March 28, 2019
Wildflowers and Wildlife Close to Home
I wish I had a pollinator-beloved native huisache (Vachellia farnesiana), but since I don’t, I had to stop for a closer look at Mueller’s fiery ones that tease me to and fro to work.
This year, bluebonnets and other native wildflowers put on their first impressive show, though bastard cabbage managed to sneak in, too.
Fruit trees in this accessible food forest have really taken off! There’s quite a variety, including loquats and little fuzzy peaches.
I’m sure some folks don’t like the scrubby look while seeds set, but perhaps the seasonal grand show is changing minds about too much tidiness.
On the home front, bees are chowing down on native wildflower baby blue eyes.
We’re chomping on fresh-picked sugar snap peas, popping them in without even a wash.
Despite alternating freeze and heat waves, the peas are still pumping out flowers for crispy snacks to come.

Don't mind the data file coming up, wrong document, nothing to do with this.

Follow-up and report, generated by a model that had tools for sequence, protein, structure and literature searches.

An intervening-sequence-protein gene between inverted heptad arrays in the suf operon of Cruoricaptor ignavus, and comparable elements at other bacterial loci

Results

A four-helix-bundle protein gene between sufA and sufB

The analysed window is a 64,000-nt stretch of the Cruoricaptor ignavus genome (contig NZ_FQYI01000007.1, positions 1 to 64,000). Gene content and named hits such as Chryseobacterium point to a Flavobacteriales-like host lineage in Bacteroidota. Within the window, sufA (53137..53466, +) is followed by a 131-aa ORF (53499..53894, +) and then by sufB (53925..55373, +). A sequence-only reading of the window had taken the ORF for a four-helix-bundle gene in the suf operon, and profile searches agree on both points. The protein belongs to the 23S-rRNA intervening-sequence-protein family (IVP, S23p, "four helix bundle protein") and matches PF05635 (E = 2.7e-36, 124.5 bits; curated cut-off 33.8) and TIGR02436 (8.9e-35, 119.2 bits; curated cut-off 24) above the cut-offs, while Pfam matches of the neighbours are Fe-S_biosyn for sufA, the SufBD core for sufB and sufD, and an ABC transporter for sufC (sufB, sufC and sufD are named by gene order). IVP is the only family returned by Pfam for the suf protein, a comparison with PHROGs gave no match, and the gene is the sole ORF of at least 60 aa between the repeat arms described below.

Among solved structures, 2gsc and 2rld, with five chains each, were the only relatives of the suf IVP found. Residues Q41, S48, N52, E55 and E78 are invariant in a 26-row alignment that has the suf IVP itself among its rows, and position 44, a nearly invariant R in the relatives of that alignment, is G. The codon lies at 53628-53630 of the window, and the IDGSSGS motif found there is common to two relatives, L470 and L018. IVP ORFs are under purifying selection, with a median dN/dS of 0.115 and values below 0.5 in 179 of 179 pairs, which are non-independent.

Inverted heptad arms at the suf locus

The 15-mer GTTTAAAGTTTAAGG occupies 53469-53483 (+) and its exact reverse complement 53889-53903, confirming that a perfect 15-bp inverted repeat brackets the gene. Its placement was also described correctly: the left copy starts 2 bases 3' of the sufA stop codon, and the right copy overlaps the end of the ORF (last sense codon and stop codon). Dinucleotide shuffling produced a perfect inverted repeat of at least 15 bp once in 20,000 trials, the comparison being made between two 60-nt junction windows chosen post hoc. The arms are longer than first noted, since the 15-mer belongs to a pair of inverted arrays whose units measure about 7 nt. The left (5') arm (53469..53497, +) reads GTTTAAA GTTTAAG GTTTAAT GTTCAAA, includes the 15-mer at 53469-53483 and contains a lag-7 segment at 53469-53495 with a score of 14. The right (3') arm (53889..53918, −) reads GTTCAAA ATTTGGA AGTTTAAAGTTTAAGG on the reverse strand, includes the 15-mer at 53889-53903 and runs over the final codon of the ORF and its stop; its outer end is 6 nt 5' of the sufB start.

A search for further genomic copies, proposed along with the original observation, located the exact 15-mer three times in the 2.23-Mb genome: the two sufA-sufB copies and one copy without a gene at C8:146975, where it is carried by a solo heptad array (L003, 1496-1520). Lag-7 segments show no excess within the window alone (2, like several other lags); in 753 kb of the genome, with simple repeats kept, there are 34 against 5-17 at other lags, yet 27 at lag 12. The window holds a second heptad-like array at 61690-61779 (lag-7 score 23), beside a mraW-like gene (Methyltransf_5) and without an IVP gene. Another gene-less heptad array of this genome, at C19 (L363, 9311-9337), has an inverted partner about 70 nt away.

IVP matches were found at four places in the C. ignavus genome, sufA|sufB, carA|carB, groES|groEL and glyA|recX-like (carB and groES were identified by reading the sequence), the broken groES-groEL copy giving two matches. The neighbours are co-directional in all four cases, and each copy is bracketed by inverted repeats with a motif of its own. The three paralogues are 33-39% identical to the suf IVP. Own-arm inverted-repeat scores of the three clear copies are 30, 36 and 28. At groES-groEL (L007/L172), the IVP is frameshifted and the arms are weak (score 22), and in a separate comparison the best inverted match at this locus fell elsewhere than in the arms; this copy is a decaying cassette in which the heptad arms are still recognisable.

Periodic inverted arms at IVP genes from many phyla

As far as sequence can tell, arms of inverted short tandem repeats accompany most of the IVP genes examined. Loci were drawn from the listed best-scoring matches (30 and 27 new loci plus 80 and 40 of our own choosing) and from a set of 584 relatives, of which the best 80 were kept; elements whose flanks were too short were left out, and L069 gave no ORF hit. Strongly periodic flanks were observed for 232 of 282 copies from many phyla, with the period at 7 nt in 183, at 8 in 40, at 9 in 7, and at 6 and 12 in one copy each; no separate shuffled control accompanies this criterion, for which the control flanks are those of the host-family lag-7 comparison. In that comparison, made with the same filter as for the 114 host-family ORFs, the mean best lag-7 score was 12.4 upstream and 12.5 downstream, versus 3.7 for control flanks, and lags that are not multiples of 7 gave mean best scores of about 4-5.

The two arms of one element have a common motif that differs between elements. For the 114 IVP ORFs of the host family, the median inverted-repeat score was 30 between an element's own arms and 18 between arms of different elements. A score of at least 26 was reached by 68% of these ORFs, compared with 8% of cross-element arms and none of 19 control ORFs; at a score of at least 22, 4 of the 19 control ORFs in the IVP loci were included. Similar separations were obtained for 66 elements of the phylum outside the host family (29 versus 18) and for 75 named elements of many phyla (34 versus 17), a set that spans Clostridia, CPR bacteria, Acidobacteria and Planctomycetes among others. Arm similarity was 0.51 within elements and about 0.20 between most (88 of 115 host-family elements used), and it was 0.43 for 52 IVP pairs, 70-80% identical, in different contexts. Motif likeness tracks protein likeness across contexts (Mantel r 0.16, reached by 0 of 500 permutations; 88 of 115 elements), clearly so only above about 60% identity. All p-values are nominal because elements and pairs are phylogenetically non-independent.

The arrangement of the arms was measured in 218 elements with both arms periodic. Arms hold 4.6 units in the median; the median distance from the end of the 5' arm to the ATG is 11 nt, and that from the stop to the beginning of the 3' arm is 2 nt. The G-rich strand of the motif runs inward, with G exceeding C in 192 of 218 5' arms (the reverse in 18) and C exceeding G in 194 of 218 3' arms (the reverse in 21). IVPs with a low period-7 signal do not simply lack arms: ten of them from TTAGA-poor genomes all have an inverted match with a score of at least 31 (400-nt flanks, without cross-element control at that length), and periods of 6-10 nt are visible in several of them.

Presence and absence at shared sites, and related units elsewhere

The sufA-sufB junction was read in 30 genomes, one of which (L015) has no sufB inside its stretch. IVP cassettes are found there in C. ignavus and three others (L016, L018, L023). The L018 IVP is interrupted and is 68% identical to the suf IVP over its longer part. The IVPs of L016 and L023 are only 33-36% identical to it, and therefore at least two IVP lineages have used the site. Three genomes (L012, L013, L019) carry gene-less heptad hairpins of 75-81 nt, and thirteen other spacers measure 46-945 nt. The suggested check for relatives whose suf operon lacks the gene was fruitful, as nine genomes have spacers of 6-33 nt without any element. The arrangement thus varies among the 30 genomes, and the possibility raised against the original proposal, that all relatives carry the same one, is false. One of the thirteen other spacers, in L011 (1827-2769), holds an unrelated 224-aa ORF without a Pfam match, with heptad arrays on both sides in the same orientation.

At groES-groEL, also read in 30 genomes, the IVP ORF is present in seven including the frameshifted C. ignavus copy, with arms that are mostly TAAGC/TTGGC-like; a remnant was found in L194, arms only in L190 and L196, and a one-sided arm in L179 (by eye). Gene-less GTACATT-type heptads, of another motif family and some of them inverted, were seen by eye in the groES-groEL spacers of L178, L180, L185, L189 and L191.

Sadly, the photo bombing arugula already bolted in the heat. Since the star-like flowers are bee food, too, I’m leaving them—plus, I’d like them to seed out. So far, the leaves aren’t bitter and still good for salads.
Drought tough bearded irises keep on coming, even though I didn’t fertilize.
This week, maximize garden beauty without draining water resources. Karen Guz, Director of Conservation for the San Antonio Water System, understands our challenges and that we all have different garden visions.
And on tour in San Antonio, see how Shirley and Neal Fox turned a stark yard into dimensional gardens–enriched by wildlife—with hard work, innovation, and style.
Check out Shirley’s fun blog about our visit!
Thanks for stopping by! Next week, we launch our spring season premiere with native groundcovers, septic field plants, and how to control oak tree root suckers. See you then, Linda